How Big Should the First Printing Be?

May 2006
by A PMA ROUNDTABLE

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PMA members who responded to a
blast about first print runs were—as you’ll see—generally in
agreement about two things: it’s smart to start small, and there’s no surefire
way to determine the best number, even for second and later printings.
Definitions of “small” vary, though, and so do the factors that publishers
recommend taking into account when deciding how many copies of a book to print.
As usual, responses represented a wealth of experience. Highlights appear here
.

—Judith
Appelbaum

 

Split Runs Make Sense

 

We usually do simultaneous
hardcover/paperback runs to spread the fixed costs. But we also try to factor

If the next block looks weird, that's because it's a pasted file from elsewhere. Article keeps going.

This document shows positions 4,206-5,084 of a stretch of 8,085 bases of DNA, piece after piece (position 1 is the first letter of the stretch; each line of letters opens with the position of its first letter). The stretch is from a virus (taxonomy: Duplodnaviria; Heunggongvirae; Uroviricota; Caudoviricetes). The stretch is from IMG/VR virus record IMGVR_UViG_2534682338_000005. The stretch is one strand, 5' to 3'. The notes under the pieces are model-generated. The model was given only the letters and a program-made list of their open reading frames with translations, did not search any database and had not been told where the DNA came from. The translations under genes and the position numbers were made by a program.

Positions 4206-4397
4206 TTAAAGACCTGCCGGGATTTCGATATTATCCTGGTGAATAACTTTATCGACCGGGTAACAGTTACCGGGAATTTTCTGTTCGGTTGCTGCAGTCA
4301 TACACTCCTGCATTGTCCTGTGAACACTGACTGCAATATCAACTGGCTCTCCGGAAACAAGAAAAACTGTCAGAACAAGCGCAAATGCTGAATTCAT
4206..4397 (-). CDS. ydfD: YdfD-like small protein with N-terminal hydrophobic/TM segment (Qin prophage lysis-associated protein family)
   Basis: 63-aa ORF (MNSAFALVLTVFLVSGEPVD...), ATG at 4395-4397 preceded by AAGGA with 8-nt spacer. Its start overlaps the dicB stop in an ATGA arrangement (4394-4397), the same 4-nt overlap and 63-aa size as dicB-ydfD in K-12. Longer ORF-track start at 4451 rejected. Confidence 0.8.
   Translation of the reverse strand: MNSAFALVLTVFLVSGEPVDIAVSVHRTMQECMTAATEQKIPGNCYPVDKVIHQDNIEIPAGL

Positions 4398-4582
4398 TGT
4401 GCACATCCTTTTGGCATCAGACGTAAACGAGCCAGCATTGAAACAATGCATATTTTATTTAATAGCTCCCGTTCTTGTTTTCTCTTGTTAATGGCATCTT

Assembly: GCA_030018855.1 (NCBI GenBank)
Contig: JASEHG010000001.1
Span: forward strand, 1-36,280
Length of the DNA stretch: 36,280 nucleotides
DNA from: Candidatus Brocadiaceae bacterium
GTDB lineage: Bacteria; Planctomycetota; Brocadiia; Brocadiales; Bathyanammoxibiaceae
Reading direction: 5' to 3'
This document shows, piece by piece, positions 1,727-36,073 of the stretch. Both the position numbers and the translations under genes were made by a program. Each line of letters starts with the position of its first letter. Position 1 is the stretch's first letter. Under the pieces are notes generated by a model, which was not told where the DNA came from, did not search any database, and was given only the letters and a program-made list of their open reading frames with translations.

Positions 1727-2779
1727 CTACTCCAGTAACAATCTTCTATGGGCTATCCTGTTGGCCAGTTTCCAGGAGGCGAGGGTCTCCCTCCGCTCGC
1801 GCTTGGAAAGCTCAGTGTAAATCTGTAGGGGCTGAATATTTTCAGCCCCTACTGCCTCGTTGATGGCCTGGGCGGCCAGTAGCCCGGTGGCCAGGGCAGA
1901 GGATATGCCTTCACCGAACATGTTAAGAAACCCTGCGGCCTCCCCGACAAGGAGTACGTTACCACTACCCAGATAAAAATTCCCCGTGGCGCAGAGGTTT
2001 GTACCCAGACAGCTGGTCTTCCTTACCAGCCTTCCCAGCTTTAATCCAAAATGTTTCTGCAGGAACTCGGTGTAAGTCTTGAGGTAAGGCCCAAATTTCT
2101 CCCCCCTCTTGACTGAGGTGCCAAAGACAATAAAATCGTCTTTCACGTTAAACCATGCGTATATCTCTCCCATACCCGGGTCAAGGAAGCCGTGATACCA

in who our audience will be—trade, educational, etc. When we balance the
two, we’re usually led down a fairly good path.

 

For example, when we published Songs for America’s
Children, we printed 2,000 hardcover and 5,000 paperback to
start. We knew people would want to support this book because it was 100
percent for charity in the aftermath of September 11, and we also knew that
shelling out for a hardcover is not always easy. Giving people the chance to
participate was important to us. We have sold almost all 7,000 in three and a
half years, and more or less proportionately in terms of format.

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